India's economic growth rate should pick up to 7.5 percent in the 2016/17 fiscal year, the International Monetary Fund said on Wednesday, aided by a collapse in oil prices and relatively low exposure to current global financial turbulence.
Summing up its latest review of Asia's third-largest economy, the Fund forecasts that economic growth would pick up from 7.3 percent in the 2015/16 fiscal year that ends on March 31.
"The broad message is that India's growth trajectory is pretty strong by international standards - not to mention the advanced economies," IMF Resident Representative Thomas Richardson told Reuters.
Inflation was behaving and was on track, the Fund said in a statement, with monetary conditions consistent with hitting the Reserve Bank of India's target for consumer price inflation of 5 percent by March 2017.
And, while the balance of economic risks has improved, they remain tilted to the downside. These included the impact of intensified volatility on global financial markets, including from surprise unexpected U.S. monetary policy moves or China's economic slowdown.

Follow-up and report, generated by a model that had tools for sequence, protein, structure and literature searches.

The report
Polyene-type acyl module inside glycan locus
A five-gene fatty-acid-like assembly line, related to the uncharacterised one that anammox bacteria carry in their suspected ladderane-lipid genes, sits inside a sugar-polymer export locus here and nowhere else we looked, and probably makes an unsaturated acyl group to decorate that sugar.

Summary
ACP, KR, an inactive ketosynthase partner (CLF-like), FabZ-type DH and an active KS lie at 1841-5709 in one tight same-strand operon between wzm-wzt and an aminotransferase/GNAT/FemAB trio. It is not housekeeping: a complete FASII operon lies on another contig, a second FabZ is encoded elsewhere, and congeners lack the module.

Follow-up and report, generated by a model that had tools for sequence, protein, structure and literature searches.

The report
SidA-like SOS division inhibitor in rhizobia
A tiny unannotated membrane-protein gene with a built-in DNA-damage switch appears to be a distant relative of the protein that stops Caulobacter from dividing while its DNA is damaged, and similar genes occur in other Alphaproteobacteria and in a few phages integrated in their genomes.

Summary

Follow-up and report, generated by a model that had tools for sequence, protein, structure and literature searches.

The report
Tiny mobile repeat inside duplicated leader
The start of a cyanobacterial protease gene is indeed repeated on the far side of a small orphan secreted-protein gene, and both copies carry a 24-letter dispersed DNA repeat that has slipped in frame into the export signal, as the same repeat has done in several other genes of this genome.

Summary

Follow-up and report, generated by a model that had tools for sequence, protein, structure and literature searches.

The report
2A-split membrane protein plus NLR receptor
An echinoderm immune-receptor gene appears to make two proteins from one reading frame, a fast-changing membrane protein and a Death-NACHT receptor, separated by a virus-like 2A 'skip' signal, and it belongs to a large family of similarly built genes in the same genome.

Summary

"The authorities have done a pretty good job of bringing inflation down and reducing external vulnerability, positioning India well to handle another round of external volatility," Richardson said in a telephone interview.
In comments published after Finance Minister Arun Jaitley unveiled an annual budget that stuck to deficit targets, the IMF called for more "growth friendly" fiscal consolidation.
It also highlighted potential risks from weak corporate and bank balance sheets. Jaitley's budget on Monday committed $3.7 billion to recapitalize state banks. Bankers estimate that their recapitalization needs are nearly 10 times as much.